But it wasn't like she was alone at home, even if she didn't like how closely Perkins had prowled around Cal, even if she didn't want to trust that his father couldn't have some means of getting information out of his son - by coercion, or something worse. And, above all, she wouldn't tell her sister anything which might make her, her husband, or especially her young daughter a target.

She shook her head. 'It was just bad luck. Grey's risking his neck and they thought that maybe I knew something about it.'

Evadne looked infinitely relieved. 'Good,' she breathed. 'Because I don't want to see any of this come down on our family.'

'It won't, sis.' Tanith forced a smile. 'I should get going. I want to get the paperwork done today so I don't have to fuss about it at work tomorrow. Where's Leah?'

'She's having a nap.'

'Then kiss her goodbye for me.' Tanith walked over to enfold her sister in something of an awkward hug. 'And take care of her. And Amulius. I'll see you at Christmas, at the latest.'

Evadne's expression was wry as Tanith pulled back. 'I didn't think you did Christmas with the family.'

'Things change.' Tanith smiled, and the sisters went downstairs for Evadne to show her out. Last time she'd been here she'd been too hot in her Auror's coat - now it was colder, she wished she had it instead of just the sweater her sister had loaned her as she made her way down the front path to the big oak tree at the end of the garden. Cal had brought her wand from the flat, but it was strange to stand in the shadows of the tree, to remember first appearing here worn and broken late at night - and then, how bright and easy everything had felt in comparison when she'd last apparated out in the summer.

It was best to not reflect.

She let herself in the main entrance of the Ministry of Magic, and was relieved when her sheer presence didn't set off the security alarms. Clearly the MLE hadn't taken advantage of having access to her wand to make her persona non grata in the centre of magical government, or if they had, they'd then lifted that security. Nobody stopped her. Nobody dragged her back in for arrest.

She was free. Free to live in fear under tyranny.

The MLE was in the habit of keeping its administrative offices that dealt with the public in the Ministry, just to cut down on unnecessary civilian traffic in and around Canary Wharf, and for ease of the public's access. In her capacity as a former inmate of the cells of Canary Wharf, she counted this time as a civilian.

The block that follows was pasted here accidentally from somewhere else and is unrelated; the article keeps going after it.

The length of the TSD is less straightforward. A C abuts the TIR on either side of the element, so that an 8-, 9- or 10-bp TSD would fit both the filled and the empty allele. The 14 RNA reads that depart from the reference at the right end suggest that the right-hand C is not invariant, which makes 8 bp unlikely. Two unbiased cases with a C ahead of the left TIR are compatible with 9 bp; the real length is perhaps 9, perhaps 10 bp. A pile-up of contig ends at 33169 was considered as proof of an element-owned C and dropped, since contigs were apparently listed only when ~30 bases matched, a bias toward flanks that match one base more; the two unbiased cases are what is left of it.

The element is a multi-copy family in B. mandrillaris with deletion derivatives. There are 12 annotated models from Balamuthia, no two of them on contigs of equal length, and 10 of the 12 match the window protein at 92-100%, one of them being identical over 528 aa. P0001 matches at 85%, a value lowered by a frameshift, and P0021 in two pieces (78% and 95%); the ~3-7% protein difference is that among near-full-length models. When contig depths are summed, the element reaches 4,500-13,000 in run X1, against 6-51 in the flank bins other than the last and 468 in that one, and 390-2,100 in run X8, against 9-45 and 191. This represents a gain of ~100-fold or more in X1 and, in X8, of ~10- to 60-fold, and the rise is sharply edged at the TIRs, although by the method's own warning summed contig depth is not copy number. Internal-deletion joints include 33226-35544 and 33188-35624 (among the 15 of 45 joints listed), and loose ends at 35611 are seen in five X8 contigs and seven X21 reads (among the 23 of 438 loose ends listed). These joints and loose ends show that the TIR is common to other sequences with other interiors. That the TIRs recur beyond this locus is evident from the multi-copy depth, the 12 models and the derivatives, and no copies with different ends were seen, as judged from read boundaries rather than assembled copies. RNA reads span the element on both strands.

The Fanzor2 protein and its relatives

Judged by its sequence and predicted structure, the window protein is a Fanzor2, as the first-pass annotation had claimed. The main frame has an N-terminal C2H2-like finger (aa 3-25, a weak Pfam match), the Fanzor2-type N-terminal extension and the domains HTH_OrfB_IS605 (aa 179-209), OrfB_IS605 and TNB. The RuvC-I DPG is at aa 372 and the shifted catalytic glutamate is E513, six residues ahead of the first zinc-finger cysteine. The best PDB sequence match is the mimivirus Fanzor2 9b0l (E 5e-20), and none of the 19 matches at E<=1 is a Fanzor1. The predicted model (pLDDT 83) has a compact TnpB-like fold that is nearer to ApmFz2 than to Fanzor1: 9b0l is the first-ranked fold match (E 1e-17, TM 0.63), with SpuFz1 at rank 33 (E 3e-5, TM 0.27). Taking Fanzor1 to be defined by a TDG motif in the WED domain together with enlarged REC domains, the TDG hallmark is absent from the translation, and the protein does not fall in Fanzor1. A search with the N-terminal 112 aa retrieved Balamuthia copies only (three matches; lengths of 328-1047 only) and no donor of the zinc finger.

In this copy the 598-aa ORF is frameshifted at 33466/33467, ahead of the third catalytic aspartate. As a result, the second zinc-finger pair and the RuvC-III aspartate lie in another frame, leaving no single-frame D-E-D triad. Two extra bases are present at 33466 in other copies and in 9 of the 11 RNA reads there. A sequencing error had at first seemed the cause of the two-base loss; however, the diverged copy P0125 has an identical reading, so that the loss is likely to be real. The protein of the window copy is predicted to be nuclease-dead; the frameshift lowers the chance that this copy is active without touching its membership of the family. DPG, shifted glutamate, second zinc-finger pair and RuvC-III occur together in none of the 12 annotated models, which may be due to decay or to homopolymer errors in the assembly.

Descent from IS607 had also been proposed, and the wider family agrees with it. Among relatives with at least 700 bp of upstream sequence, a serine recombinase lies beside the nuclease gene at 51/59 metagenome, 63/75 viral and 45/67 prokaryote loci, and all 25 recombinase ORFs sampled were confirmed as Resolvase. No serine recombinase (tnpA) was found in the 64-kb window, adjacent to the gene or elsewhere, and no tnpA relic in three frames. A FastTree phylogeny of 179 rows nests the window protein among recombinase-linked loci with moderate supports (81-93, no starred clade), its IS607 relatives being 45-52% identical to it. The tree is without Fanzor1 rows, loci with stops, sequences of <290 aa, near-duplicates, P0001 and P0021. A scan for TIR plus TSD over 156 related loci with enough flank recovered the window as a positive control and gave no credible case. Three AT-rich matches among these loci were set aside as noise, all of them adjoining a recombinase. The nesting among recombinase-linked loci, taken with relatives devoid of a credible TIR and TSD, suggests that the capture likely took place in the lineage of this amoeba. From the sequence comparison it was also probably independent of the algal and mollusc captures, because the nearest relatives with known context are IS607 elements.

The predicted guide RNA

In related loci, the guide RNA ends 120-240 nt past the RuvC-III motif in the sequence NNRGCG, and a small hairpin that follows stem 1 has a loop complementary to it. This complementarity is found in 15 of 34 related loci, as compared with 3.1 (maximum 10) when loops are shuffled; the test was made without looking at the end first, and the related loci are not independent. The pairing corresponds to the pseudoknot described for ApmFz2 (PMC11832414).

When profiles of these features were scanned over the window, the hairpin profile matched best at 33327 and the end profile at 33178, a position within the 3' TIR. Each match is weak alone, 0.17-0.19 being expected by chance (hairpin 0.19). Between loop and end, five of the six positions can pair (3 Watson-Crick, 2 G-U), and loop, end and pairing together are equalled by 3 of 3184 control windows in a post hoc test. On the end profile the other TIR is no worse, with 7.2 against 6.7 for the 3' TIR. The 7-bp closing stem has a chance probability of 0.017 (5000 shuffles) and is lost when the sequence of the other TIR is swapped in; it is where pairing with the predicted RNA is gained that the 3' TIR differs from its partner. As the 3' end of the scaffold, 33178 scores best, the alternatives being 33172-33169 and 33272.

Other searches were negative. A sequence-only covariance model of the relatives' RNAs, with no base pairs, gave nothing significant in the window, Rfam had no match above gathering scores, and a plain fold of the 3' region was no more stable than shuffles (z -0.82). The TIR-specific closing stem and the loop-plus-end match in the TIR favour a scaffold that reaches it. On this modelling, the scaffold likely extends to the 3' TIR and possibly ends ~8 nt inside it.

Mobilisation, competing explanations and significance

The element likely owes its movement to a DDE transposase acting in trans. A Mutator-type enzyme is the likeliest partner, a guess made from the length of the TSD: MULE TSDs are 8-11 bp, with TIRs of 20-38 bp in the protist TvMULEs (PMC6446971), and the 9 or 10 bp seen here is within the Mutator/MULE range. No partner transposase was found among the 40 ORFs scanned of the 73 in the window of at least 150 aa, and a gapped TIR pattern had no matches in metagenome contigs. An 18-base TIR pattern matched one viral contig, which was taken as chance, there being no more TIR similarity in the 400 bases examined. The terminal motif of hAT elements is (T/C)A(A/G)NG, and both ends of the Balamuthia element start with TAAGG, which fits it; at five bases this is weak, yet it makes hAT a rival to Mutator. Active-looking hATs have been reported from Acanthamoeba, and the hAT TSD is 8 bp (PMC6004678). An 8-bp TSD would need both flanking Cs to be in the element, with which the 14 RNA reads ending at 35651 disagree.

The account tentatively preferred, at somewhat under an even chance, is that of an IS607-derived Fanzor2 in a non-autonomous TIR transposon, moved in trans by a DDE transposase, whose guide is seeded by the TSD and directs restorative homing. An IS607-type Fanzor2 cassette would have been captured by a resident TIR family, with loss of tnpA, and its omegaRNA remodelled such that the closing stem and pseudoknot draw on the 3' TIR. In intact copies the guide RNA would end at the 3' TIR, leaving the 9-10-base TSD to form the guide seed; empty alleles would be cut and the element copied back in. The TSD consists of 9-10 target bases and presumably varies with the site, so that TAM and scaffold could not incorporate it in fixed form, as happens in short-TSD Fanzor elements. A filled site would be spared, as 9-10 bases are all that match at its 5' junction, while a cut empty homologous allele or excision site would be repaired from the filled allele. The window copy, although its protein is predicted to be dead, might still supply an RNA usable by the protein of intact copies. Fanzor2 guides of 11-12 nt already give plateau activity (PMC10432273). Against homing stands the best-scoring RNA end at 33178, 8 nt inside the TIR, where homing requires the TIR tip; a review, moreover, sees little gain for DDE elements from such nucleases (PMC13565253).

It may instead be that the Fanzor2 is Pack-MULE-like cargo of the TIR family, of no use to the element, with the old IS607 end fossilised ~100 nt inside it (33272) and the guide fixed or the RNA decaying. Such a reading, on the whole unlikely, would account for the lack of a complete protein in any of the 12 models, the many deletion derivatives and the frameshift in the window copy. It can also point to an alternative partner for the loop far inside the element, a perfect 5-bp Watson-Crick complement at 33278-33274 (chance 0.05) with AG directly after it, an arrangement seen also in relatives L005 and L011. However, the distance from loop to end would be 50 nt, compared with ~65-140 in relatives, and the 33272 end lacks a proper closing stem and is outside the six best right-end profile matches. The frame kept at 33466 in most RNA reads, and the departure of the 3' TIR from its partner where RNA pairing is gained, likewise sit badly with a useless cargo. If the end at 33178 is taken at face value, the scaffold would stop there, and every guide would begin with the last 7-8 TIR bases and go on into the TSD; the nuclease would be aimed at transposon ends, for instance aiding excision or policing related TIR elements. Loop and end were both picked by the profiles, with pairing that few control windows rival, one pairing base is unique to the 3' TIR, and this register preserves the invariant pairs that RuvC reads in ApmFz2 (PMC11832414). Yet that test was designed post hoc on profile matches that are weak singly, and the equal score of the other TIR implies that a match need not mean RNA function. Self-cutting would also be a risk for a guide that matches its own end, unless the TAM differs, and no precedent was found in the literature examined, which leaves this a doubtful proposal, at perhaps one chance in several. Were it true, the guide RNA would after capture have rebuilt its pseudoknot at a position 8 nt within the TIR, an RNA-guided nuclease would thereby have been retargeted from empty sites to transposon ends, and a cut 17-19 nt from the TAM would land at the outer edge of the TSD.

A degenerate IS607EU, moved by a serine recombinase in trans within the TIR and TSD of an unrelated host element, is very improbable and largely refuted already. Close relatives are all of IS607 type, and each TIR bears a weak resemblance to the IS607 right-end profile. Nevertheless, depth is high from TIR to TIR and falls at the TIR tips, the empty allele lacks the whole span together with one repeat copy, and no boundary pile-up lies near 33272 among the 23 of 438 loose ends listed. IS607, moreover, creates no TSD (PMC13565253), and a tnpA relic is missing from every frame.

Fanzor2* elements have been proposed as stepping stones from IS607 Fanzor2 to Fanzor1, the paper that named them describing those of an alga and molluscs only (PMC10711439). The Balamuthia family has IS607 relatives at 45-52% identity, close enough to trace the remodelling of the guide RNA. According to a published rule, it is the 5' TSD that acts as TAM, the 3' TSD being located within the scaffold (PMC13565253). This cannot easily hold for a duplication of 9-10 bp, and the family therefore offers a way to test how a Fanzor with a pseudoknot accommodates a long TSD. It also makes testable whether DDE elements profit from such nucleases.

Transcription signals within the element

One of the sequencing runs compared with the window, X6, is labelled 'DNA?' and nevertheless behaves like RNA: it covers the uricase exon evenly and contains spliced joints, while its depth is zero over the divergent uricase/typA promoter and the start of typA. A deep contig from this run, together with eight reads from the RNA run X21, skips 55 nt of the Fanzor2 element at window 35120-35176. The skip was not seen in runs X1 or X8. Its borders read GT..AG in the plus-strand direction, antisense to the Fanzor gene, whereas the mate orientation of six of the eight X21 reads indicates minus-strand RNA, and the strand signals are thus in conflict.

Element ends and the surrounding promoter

This was a kindness, at least, because she didn't fancy going through the final processing in front of, or perhaps even at the hands of, people she had to work alongside. She needed neither their dark judgement nor, perhaps especially, their pity. At the Ministry she could get in and out and be home in time for dinner with Cal.

There was some sort of commotion when she entered the main entranceway, the long narrow hall flanked by Floo access points leading up to the administrative desks and the oppressive monolithic form of the new statue. A mob far bigger than normal after-lunch traffic had gathered, blocking from sight whatever was going on, but she could hear the tense, hushed muttering, and the noise of dragging metal on stone floor.

'Out of the way! This man needs processing!'

She recognised the voice as Mulready, the Death Eater who'd been the last man standing in the Lions' attack to break Nick Wilson free, and whom she'd had to Stun to take down. He worked in the MLE - if he was in the middle of this and talking about 'processing' someone, then the only logical conclusion was that this had something to do with a prisoner.

Tanith wrinkled her nose and pushed forward. Sometimes they did this, sometimes they liked to cart a high-profile prisoner through the middle of the Ministry before they made a show of some paperwork and shipped them off to Azkaban. The process was sped up by bypassing Canary Wharf, and everyone got to see.

She didn't especially want to witness it. Whoever it was, they were doomed, and she didn't want to give Mulready the satisfaction of his gruesome theatrics getting a bigger audience. But as she went to push through the crowd it was impossible for her gaze to not be drawn to the centre, where the Enforcers dragging a figure by the elbows along in chains were given a wide berth, and she realised she recognised more people in the mix than Mulready.